NASA plans to use lessons from SpaceX’s approach to software development after a failed test flight by a Boeing Co. craft showed the flaws of more traditional procedures, agency officials said.
After completing an independent review of the Boeing Starliner’s truncated mission to the International Space Station in December, the National Aeronautics and Space Administration said Tuesday that it would boost oversight of the manufacturer’s repairs.
The review team offered 80 recommendations, with roughly half involving changes in how Boeing and the agency address software development and systems testing.
NASA’s endorsement of SpaceX’s methods was another example of how Elon Musk’s company has pulled ahead of Boeing in the space race. The agency has contracts with both companies to ferry astronauts to the space station. But only Space Exploration Technologies Corp. has done so, flying two astronauts to the orbital lab on May 30.
The company’s approach to software engineering for its Crew Dragon requires more “ownership” by developers to ensure that code operates as intended after it has been integrated into larger systems, Kathy Lueders, NASA’s associate administrator for human spaceflight, said on a call with reporters.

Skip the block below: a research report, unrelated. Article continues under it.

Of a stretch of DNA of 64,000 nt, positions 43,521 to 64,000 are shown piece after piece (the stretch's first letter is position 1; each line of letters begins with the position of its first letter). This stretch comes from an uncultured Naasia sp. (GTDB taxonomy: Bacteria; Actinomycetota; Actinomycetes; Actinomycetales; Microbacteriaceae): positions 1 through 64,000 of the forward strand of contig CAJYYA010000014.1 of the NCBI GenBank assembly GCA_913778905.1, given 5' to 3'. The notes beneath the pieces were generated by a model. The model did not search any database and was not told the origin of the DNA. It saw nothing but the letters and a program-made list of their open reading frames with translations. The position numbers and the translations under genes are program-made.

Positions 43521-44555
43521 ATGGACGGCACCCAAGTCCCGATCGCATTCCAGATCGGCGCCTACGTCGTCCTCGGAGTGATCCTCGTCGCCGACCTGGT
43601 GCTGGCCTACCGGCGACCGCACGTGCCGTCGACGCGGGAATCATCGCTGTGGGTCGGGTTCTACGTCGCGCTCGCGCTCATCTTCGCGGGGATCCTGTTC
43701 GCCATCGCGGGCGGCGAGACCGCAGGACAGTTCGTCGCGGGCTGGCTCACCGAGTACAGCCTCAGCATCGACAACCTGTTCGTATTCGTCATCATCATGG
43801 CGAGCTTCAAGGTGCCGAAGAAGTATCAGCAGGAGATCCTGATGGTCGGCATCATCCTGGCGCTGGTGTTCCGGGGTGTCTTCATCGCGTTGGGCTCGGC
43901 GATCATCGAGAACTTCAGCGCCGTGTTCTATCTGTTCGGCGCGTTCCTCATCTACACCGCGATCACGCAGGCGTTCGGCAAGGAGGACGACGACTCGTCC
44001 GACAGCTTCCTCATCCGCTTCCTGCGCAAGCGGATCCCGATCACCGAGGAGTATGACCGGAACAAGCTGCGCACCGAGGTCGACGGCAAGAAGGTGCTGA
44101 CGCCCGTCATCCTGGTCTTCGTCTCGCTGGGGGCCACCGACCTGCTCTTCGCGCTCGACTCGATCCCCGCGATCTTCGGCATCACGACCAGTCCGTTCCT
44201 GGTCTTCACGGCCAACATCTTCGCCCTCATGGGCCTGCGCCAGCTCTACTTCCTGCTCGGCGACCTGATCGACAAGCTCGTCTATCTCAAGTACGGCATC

“Software capability really drives the overall capability of your system,” Lueders said. “We’re kind of breaking down how we’ve done things in silos.”
Boeing, like NASA itself, uses a more traditional method in which software engineers build, test and then deliver products to other teams.
Because SpaceX’s process was novel for NASA, the agency gave the process more oversight than it gave Boeing’s, said Steve Stich, the manager of NASA’s commercial crew program. The agency has already assigned additional staff to Boeing software teams for heightened scrutiny as they fix the glitches that marred December’s mission, he said.
Boeing plans to fly a second Starliner test flight without crew later this year. NASA officials said it was too soon to set a potential launch date.